The princess narrative is a powerful one. I know very few Western women who are not impacted by this fantasy in one form or another.  From Snow White to Grace Kelly to She Ra to Wonder Woman to Princess Diana to Kate Middleton, the princess narrative continues to endure regardless of how pop culture and societal norms evolve.  The “Princess Bride” archetype (Grace Kelly)  has evolved alongside the “Ass-Kicking Princess” archetype (Princess Leia) both speaking to the desire of a destiny greater than one that is expected or assigned to you.  I think Andrews’ princess fantasy speaks to a more personal yearning among many women, (particularly professional black women, told by mass media that we will never be loved) the desire to be cherished and chosen, without having to struggle so hard for it.

But  the princess “ideal” of being rescued by some handsome rich dude and hanging out in fancy dresses all day, never having to work,wins out in the court of public opinion.

A friend of mine opined on Facebook (where I shared article)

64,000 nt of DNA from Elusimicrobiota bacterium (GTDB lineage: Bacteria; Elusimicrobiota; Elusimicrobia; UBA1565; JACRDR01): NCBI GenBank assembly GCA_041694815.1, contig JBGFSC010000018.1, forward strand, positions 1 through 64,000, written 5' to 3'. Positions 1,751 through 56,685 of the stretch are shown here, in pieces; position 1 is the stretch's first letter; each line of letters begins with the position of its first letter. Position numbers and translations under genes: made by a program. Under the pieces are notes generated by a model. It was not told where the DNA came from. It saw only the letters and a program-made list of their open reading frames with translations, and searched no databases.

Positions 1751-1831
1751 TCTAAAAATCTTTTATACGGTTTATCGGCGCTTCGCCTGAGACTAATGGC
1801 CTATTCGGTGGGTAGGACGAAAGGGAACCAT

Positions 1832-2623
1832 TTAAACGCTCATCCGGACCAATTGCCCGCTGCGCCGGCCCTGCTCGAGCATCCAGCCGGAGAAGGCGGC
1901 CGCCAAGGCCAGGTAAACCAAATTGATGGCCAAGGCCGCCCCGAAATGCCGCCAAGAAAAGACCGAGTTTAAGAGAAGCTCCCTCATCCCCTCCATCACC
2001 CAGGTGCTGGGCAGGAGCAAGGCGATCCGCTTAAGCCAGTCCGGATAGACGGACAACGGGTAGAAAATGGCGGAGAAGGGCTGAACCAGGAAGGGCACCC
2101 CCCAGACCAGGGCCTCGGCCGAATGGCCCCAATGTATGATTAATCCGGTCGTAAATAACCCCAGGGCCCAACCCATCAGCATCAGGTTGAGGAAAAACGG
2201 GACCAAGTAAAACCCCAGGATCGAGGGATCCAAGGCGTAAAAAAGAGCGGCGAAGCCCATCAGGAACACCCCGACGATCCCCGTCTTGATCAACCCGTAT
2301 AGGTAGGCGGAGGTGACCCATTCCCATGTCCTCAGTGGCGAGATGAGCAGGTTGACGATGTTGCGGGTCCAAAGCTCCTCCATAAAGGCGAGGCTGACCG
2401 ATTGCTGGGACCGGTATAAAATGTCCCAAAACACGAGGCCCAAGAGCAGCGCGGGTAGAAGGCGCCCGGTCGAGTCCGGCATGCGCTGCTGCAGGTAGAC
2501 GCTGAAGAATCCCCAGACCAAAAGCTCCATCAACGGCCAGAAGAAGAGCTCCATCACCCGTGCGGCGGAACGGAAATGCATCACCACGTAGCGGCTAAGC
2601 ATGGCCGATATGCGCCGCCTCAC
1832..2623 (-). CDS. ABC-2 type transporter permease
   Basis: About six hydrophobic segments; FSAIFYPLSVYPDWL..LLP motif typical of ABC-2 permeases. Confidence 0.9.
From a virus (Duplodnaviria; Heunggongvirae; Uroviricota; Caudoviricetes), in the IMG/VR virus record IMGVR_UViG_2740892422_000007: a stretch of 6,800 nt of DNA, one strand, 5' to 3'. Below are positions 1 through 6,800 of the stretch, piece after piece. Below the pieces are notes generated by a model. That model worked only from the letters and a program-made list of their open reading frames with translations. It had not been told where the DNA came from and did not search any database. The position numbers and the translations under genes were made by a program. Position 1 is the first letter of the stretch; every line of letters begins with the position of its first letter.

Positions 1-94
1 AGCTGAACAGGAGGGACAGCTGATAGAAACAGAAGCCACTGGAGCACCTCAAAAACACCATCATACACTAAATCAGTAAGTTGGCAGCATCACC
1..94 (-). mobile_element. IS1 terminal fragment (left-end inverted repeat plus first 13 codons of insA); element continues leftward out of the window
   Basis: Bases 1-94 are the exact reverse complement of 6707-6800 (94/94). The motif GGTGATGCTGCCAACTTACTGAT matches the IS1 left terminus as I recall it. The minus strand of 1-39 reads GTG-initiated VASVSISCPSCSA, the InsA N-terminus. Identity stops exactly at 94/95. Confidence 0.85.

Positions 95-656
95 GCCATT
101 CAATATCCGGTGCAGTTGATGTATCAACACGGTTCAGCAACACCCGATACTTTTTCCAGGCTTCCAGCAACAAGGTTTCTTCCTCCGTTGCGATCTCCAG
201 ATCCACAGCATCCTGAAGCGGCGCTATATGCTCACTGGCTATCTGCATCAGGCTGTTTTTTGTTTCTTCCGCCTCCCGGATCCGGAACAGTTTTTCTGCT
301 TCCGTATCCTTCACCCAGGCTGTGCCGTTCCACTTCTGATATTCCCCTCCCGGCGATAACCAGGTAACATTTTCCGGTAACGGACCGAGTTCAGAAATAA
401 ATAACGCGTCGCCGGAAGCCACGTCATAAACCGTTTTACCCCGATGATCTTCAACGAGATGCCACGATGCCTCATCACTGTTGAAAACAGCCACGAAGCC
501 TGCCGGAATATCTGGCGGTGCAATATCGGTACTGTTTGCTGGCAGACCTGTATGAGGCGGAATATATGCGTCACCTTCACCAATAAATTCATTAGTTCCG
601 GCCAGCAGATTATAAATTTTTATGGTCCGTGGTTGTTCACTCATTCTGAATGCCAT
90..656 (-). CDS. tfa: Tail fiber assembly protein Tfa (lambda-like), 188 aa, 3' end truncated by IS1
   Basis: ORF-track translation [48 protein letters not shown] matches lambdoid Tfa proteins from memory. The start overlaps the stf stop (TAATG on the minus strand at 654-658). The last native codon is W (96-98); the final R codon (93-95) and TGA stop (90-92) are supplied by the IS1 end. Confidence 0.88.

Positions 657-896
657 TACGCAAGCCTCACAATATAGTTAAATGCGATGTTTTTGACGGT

“My question is…how many women, of any color/race, really give a damn about becoming a princess?”

It’s far from scientific, but I Googled “princess wedding theme”, just to see what would come up, I found hundreds of articles on how to create your own “fairy tale dream wedding”  The dream of being a fairy tale princess is certainly far from dead, even for grown women.

These days, Disney dominates the princess narrative, creating an entire cottage industry that encourages females to indulge their princess fantasy from birth to adulthood, starting with the Disney Princess line of clothing and toys and ending with the Disney Fairy Tale wedding line offering everything from clothes to wedding rings to a Cinderella style wedding day. (Of course, every proper princess’ story ends with a wedding, right?) And the aesthetic of the princess archetype is undeniably attractive as well, as most dreams so connected to opulence, elegance and wealth tend to be. (sparkly things! flouncy things!)